Your Views: Religion no factor in slaughterhouse opposition

1103
Alexandria City Council public hearing
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To the editor:

City Councilor Del Pepper’s remark about the Halal poultry butchery, that “we need to share with our Muslim friends and neighbors that we welcome them in this community,” is mystifying to me and insulting to those who opposed the slaughterhouse on Colvin Street.

I’ve lived here more than 30 years. During all that time I have never seen any woman wearing any clothing identifiable as Muslim be harassed or disrespected in any way in any public place in Alexandria, nor any man either, although they’re less easily identifiable. I’ve never asked anyone if that person was Muslim, just as I never ask the religion of anyone I know. I’ve never heard anyone else ask that question either.

Sometimes on Friday afternoon I see worshippers coming and going from a Christian Church near the corner of Janneys and Quaker lanes. Obviously they are there because they answered the Muslim call to prayer and the church has afforded them space to worship. Other churches in other neighborhoods may do the same. I just haven’t observed them.

There may be some in the city who hate people who are different; evidently some sent emails to council. You don’t even have to live in Alexandria to do that. None of them showed their faces at the public hearing on this issue. I observed the public testimony because I was waiting for hearings on other docket items.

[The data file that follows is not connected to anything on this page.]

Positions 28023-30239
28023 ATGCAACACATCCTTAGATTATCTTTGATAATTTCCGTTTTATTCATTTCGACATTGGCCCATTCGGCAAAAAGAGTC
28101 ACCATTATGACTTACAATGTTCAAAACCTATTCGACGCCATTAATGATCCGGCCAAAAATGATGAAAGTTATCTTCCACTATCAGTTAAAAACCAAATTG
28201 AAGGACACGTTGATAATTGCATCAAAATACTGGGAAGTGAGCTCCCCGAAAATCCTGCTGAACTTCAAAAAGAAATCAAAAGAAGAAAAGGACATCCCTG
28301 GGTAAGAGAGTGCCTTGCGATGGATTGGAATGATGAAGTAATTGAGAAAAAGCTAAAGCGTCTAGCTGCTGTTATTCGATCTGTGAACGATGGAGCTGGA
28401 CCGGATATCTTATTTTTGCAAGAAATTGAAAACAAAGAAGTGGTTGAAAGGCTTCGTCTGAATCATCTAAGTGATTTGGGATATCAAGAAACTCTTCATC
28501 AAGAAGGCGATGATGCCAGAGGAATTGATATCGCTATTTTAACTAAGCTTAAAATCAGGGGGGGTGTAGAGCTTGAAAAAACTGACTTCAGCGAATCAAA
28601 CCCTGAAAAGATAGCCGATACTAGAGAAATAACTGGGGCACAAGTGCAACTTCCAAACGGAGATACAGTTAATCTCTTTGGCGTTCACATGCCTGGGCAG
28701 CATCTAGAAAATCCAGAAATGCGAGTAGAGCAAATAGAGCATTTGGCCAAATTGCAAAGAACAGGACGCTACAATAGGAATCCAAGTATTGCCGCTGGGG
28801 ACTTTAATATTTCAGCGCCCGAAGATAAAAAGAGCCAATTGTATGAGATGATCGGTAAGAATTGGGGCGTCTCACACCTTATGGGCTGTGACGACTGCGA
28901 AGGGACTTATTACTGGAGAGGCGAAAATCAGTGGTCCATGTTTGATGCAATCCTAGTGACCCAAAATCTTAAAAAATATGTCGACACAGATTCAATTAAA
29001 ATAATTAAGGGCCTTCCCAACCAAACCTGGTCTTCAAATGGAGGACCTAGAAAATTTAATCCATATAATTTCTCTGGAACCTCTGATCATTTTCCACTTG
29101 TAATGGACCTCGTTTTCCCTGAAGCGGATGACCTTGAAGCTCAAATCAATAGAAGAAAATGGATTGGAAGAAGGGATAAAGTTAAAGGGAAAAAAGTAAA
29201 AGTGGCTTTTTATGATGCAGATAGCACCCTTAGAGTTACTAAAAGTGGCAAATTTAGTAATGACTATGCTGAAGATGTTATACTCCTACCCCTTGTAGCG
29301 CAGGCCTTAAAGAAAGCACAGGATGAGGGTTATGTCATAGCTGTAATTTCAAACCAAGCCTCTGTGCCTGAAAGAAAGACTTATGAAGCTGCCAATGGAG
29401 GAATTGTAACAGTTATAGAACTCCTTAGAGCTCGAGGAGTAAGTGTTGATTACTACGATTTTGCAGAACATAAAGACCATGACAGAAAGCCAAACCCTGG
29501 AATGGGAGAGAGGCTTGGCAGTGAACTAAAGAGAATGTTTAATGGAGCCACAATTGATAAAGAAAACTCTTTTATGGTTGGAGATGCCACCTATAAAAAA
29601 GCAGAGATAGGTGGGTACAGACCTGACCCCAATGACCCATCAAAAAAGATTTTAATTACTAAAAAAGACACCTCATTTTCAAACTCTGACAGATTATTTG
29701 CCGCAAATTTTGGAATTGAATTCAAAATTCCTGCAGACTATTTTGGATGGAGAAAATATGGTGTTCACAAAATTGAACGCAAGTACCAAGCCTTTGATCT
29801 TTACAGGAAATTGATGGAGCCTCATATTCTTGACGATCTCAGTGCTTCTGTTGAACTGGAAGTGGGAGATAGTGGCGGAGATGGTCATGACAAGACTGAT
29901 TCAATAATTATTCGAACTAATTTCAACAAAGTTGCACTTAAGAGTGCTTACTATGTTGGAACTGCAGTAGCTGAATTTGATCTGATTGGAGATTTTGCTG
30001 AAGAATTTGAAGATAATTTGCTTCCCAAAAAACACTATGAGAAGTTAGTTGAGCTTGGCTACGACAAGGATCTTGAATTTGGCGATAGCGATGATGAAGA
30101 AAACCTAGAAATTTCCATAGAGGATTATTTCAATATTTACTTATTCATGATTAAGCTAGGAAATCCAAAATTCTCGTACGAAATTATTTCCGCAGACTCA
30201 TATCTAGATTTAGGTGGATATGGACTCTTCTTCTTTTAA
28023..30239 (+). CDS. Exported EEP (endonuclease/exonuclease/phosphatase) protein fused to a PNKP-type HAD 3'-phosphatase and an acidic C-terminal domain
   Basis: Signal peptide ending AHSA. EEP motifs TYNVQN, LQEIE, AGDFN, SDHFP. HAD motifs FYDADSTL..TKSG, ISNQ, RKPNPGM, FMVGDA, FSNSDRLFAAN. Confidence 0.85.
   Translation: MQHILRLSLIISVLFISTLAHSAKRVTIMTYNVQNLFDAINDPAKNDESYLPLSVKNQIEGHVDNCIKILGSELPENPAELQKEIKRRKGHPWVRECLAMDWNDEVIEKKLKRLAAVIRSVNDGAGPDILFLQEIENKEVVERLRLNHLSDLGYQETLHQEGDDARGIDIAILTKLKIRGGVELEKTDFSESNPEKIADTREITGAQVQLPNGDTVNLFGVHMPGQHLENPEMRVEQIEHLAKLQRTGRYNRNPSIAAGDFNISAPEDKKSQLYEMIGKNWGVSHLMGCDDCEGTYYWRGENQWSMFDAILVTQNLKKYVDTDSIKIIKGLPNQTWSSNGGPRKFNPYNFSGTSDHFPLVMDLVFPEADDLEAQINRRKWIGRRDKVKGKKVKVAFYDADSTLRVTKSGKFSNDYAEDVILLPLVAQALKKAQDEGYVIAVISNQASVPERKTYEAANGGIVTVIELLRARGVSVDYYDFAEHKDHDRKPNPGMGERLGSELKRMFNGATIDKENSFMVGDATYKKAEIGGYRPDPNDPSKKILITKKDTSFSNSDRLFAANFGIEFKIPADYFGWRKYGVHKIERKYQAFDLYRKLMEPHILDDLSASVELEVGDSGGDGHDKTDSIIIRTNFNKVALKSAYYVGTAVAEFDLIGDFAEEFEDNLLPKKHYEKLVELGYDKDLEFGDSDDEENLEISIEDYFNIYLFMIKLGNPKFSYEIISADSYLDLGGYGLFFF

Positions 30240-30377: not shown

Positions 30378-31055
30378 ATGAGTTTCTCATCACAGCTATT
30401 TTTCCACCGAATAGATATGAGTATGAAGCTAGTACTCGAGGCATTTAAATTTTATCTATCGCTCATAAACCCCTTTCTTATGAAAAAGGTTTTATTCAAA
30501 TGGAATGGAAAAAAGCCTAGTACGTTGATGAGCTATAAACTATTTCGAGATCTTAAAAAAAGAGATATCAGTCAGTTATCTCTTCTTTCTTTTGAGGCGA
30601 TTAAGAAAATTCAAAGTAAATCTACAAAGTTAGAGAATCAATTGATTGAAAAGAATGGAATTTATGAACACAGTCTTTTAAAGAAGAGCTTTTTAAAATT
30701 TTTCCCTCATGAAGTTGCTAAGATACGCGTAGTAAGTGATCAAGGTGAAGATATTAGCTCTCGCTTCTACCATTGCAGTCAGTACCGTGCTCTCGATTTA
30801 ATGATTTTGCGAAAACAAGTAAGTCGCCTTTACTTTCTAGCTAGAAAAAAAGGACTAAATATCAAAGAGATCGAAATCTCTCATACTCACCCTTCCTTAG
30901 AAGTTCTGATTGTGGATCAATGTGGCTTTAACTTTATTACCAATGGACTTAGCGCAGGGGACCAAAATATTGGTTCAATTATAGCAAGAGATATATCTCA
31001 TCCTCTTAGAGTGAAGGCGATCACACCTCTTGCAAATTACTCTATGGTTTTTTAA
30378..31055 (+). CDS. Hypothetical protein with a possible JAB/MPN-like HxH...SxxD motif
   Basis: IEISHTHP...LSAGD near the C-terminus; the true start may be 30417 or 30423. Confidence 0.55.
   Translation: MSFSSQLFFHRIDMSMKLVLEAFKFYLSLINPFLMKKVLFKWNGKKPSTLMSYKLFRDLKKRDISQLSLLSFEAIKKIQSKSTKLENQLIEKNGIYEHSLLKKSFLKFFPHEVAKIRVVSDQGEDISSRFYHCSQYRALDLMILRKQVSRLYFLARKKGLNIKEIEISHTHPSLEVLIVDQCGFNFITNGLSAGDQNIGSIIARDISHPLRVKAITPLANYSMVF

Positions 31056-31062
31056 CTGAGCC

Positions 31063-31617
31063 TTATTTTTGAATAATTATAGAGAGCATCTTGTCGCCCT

All those who spoke against approving the slaughterhouse spoke about the competing uses that would be affected such as dog care establishments and I believe also a commercial bakery. No one criticized any religion or mentioned religion as a reason to oppose the permit.

Yet when the public testimony was closed, Councilor Mo Seifeldein immediately began speaking at length saying that opposition was based on religious prejudice. I voted for him at the last election. I support diversity and I thought it would be good to have a lawyer on the council. Since Seifeldein is a lawyer, I expected him to listen carefully to all public testimony and make reasoned, responsive arguments if he disagreed.

Vice Mayor Elizabeth Bennett-Parker, when she spoke in opposition before the vote, correctly identified this matter as a land use issue and Councilor Amy Jackson expressed justified concerns about increased traffic. The vice mayor had made site visits to similar slaughter establishments as far away as Philadelphia. She observed strong noxious odors at some sites.

The council majority countered that the windowless slaughterhouse will have a good ventilating system. I’m sure it will. The ventilator will make things comfortable for the workers and living chickens. It will collect the smelly stale air and blow it out of the building. The outside ventilator for my clothes dryer collects damp air and blows it outside. The clean laundry smell is not nearly as pungent as the smells from a slaughter house, but they are clearly detectable in the yard.

-Katy Cannady, Alexandria

 

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